Herzog & de Meuron
Project
2000-2002

We were working on four projects for Prada at once – Le Cure, Levanella, Tokyo, and New York. The Head Office in New York was the last project entrusted to us and the first to be finished. It’s a kind of striptease of the former piano factory: all architectural elements were removed so only the naked concrete structure would remain.

This raw exposure revealed the proportions and generous space of the previously industrial building. The offices were occupied before all work on the building was completed. Some architectural ideas and concepts still remain unfinished at present: a penthouse extension on the large roof terrace with spectacular views, and an exhibition space for the Fondazione Prada on the ground floor.

The most radical concept was the proposal to convert the square in front of the building on 609 West 52nd Street into a rock garden. When we learned that the granite bedrock rises up quite high in that area of Manhattan, we scratched open the surface of the front garden and uncovered the original geological layer not even half a meter below grade.

We liked its powerful and archaic rawness. A rock garden, not designed but found. Its nakedness was not dissimilar to the architectural strategy already used for the concrete structures of the building. These works were never finished. The granite bedrock has since been covered by asphalt for more practical uses and easy dispatch of goods.”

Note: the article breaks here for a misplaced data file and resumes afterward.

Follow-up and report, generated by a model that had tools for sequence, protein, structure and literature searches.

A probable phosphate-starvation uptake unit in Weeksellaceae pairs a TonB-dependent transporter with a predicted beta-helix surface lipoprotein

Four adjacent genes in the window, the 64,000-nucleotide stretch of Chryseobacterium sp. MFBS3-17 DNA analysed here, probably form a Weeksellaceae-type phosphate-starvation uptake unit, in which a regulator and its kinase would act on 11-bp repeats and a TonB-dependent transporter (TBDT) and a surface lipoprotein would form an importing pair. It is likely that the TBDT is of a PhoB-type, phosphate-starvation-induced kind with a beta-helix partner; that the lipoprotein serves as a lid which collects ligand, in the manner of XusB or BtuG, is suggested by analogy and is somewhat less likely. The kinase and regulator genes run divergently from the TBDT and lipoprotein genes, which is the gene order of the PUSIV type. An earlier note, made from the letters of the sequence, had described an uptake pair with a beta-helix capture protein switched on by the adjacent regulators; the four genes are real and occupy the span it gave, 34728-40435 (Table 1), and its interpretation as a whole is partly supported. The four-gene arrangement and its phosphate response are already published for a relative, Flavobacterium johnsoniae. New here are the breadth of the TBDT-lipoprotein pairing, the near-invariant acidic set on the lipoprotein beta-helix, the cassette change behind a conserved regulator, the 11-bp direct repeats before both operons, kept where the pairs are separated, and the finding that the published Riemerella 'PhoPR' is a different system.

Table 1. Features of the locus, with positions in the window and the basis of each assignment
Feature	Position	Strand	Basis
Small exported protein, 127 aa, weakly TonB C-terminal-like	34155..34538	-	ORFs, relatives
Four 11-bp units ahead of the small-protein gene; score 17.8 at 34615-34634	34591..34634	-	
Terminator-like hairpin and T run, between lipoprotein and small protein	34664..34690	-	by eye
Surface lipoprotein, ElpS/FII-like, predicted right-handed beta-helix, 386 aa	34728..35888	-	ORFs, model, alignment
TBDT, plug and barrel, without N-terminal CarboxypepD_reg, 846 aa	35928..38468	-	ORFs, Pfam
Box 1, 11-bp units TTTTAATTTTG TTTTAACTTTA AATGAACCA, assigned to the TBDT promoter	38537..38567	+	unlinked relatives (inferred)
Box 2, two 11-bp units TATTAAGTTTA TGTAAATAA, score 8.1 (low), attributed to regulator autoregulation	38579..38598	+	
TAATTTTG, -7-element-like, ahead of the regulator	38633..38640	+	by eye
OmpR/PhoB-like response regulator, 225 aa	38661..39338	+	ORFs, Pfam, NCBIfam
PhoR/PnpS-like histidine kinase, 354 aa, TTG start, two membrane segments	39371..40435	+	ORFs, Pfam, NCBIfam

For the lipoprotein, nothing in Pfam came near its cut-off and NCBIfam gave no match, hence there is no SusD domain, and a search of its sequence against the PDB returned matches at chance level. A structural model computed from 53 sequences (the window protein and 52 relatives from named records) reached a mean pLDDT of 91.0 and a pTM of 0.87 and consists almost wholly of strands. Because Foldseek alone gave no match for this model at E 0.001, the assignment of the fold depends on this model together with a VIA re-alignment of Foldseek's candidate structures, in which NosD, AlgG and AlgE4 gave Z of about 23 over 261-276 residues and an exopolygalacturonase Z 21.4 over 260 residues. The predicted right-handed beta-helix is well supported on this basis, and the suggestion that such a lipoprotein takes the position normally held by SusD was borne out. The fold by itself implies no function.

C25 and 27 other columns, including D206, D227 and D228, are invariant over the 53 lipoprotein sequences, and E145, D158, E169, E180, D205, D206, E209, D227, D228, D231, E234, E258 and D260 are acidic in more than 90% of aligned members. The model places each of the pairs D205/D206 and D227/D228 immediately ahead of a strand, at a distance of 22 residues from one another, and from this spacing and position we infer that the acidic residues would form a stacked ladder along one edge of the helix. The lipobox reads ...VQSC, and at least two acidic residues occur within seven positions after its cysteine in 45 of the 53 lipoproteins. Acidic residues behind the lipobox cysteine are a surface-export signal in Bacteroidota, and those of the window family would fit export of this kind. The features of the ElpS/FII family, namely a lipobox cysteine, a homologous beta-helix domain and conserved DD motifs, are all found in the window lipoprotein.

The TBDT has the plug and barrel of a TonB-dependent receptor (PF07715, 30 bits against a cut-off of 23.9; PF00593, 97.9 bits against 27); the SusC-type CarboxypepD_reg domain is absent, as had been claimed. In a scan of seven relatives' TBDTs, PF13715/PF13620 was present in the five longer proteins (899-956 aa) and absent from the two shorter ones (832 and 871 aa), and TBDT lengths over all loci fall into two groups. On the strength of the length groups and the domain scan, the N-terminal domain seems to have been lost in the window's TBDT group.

Herzog & de Meuron 2002

185_CO_0210_060_stone
185_CO_0210_060_stone

Process

In the park behind the factory, the organic rock of Manhattan will be uncovered to make a natural stone garden. The former piano factory is situated in Manhattan, near the Hudson River piers.

185_SI_0203_001_park
185_SI_0203_001_park
185_SI_0203_002_park
185_SI_0203_002_park
185_SI_0203_003_park
185_SI_0203_003_park
185_SI_0000_501_existing
185_SI_0000_501_existing
185_SI_0109_005
185_SI_0109_005
185_SI_0005_003_garden
185_SI_0005_003_garden
185_SI_0109_025
185_SI_0109_025

Galleries for the Fondazione Prada in the courtyard: variations above and below ground level with distorted ceilings forming an artificial rockscape; two proposals for a penthouse.

185_MO_0012_065
185_MO_0012_065
185_MO_0101_614
185_MO_0101_614
185_MO_0101_625
185_MO_0101_625
185_MO_0102_012
185_MO_0102_012
185_MO_0104_055_exhib_d
185_MO_0104_055_exhib_d
185_MO_0104_043_exhib_c
185_MO_0104_043_exhib_c
185_MO_0104_506_HdM_exh_b_K
185_MO_0104_506_HdM_exh_b_K
185_MO_0104_505_HdM_exh_b_K
185_MO_0104_505_HdM_exh_b_K
185_CI_0106_001_exhib-ext
185_CI_0106_001_exhib-ext
185_MO_0106_044_exhib_conc
185_MO_0106_044_exhib_conc
185_MO_0109_463_interior
185_MO_0109_463_interior
185_MO_0105_067_exhib_e
185_MO_0105_067_exhib_e
185_MO_0106_081_master s
185_MO_0106_081_master s
185_MO_0107_015_master s_b
185_MO_0107_015_master s_b
185_MO_0108_027_master s_c
185_MO_0108_027_master s_c

Seen here, 1:1 detailed mock-ups with glass elements for the rooftop Prada logo.

185_MU_0102_008_glassballs
185_MU_0102_008_glassballs
185_SA_0007_003_MJM parapet
185_SA_0007_003_MJM parapet
185_SA_0105_004_glassball
185_SA_0105_004_glassball